Wicked Little Bizcochitos

There are some things that scare me to death:
Unexpected late night telephone calls. California wild fires. El chupacabras hiding beneath my bed. And painfully thin celebrity It-Girls--now that is scary.

Am I afraid of these bizcochitos, these delicately delicious Mexican cookies? Nunca.

However, it is only fair to warn you that this cookie is nothing more than lard or butter, white flour, anise seeds, sugar and toasted pine nuts. If you eat one, it might lodge indefinitely on your belly, your nalguitas—your rear-end, your hips, and other unmentionable places. I should also warn you that you will not care. You will simply adore the delicate crunch, the sweet, licorice-like taste of the anise seeds, the way this cookie melts in your mouth. To munch on this little sublime piece of manteca—lard will fill your taste buds with alegria, no matter the fatty consequences.

And that's perfectly okay.

Because really, what is so beautiful about cracked nails, dry, flaky skin and dull, lifeless hair? The disappearance of that rosy glow of healthy radiance, leaving a sadly gaunt, if not emaciated face? Or, shivering like a Beverly Hills Chihuahua when a cold wind blows and you feel it rattling your skinny bones? Well, that scrumptious bit o' fat not only makes food taste delicious, but can help you look more beautiful, rounding out curves and putting some life into your skin, hair and nails. María Félix looked like a girl who enjoyed a cookie or a tamale or two and maybe even three, and look at how lovely she was (click here). As my little papá says, get the pointy?
So eat a few of these wicked little bizcochitos guilt and fear-freenot the whole batch, of course—and share the joy with friends, family and even that wannabe celebrity It-Girl friend of yours—the poor girl, she needs this cookie. There are many things to be afraid of or to feel guilty about, such as ___________(well, I'll let you fill in the blank)—but eating this cookie should not be one of them.
Now, don't you feel better?
Wicked Little Bizcochitos

I adapted this recipe from a recipe I found in The Los Angeles Times food section many years ago. Its cooks and writers never fail to publish some wonderful and authentic Mexican recipes. Gracias to my favorite newspaper.
1 cup butter or lard, softened; or, a combination of both.
¾ cup cane sugar

2 egg yolks

2 cups flour, plus a little more for dusting the board

2 teaspoons anise seeds

1/8 teaspoon baking powder

¼ teaspoon salt

¼ to ½ teaspoon vanilla extract

1 cup toasted pine nuts. You can substitute chopped toasted pecans.
Powdered sugar

Preheat oven to 350 degrees F.
In a mixing bowl, beat the lard and/or butter. Then add sugar and beat until airy.
Add egg yolks and the anise seeds. Beat well, gradually adding flour, baking powder, and salt. Then add the toasted pine nuts and blend into the dough.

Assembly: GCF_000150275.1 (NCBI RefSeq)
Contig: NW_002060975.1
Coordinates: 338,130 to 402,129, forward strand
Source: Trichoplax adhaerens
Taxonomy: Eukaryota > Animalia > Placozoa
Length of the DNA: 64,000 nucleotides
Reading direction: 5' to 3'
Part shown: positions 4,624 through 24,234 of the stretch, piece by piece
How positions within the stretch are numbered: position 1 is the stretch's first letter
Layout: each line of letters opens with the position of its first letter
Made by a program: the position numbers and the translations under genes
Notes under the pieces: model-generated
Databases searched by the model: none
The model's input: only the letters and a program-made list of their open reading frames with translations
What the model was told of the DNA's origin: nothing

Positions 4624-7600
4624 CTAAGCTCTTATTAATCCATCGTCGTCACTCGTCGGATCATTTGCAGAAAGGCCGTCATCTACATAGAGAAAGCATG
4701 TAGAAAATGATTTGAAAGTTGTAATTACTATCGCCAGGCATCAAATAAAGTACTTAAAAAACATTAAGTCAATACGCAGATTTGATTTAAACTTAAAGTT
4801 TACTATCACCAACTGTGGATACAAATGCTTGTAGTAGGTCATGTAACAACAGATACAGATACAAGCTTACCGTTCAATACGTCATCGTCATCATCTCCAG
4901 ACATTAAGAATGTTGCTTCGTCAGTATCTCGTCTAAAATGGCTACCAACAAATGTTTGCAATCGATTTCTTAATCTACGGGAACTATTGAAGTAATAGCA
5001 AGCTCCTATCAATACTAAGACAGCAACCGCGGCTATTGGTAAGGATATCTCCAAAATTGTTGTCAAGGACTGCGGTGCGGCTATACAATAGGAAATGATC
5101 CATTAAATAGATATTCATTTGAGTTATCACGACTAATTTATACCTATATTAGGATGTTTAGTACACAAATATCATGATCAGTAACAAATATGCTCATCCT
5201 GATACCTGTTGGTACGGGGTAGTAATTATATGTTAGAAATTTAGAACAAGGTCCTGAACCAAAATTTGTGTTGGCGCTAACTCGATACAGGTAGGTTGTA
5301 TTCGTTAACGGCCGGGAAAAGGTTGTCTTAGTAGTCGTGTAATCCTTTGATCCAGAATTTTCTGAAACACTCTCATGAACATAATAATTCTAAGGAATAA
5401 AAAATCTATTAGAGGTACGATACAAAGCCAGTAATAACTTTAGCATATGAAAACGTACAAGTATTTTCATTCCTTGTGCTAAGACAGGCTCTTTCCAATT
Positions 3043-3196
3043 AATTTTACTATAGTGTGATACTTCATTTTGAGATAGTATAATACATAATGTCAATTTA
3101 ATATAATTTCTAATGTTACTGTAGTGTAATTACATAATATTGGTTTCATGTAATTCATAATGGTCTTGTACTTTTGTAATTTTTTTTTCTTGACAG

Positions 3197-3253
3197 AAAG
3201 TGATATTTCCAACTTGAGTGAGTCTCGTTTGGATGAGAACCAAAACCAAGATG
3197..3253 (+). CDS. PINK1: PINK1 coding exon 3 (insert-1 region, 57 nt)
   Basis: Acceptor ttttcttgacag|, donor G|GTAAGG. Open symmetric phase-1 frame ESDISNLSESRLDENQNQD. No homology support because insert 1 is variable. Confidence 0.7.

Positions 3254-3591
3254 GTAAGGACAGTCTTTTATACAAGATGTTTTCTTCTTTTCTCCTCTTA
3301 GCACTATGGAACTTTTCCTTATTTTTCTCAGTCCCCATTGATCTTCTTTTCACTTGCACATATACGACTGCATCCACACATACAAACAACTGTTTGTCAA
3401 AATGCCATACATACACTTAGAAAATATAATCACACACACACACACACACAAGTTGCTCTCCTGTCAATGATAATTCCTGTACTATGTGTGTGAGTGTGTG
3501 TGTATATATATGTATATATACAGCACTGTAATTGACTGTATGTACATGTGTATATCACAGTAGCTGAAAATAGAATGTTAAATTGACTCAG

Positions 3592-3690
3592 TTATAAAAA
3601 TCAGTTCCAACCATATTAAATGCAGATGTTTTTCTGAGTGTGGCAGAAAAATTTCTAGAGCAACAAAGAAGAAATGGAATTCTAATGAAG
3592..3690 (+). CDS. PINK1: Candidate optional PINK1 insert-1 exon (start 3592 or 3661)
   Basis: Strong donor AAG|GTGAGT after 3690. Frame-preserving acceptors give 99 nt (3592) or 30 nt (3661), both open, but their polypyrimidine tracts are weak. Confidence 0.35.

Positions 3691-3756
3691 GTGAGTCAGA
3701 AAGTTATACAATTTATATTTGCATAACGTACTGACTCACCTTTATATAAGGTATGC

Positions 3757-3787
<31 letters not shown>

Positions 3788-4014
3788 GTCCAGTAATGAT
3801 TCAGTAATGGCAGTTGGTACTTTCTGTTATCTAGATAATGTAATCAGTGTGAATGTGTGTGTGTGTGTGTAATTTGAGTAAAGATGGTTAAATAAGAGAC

Wrap cookie dough in plastic wrapping and chill for at least an hour.
Flour a board and a rolling pin. Then roll out the flour until it is about ¼ inch thick. You can cut them into little squares or use a cookie cutter if you like.
OR: roll up the cookies into little balls about ¾ inch or less in diameter.
Place them in an ungreased cookie sheet and bake until they are golden (not golden brown). (Note: Length of baking time depends on your oven and the thickness of the cookies.) Remove cookies from the oven. You can let them cool for 10 minutes or so. I like to carefully remove the cookies using a very flat stainless steel spatula and place the cookies on a brown paper bag. It removes excess fat and makes for a very flaky cookie. If you like, dredge the cookies in powdered sugar as I did here.
Enjoy with coffee or tea or after a family fiesta.
Now go run a mile.


Pearmama said...

Awwwww, you just gave me some very good, warm memories. When I was little, my mom always made these cookies. Then she stopped, I don't know the reason why. A few years ago, someone gave me a batch of these cookies. One bite and I was transported back to my mom's yellow kitchen in San Diego. Mmmmm, the distinct licorice flavor, the crispness from the lard (!), and then the fine dusting of sugar on top. We would roll them out like sugar cookies. They were the best. Thanks for posting this. I just might make some with my little ones.

P.S. Now I remember why she stopped making these--the lard!! This is the same reason she started buying the unprepared masa for her tamales. Until we discovered how yucky it tasted. Now we are back to the prepared and the lard! We figured--shoot, it's only once a year!

La Traductora said...

My Dear Muchachita,
My sentiments exactly! No anemic tasting Mexican anything for me--not even a cookie.

Anonymous said...

OMG thiS is the recipe i was longing for; my granda make this for Navidades but i was so young i never Get a hold of the recipe. a friend give me her recipe and they were delicuos but i knew they were missin something it WAS ANIS AND PINONES THANK YOU VERY MUCH KEEP WITH THE GOOD WORK today is my first visit to you site HAPPY THANKSGIVEN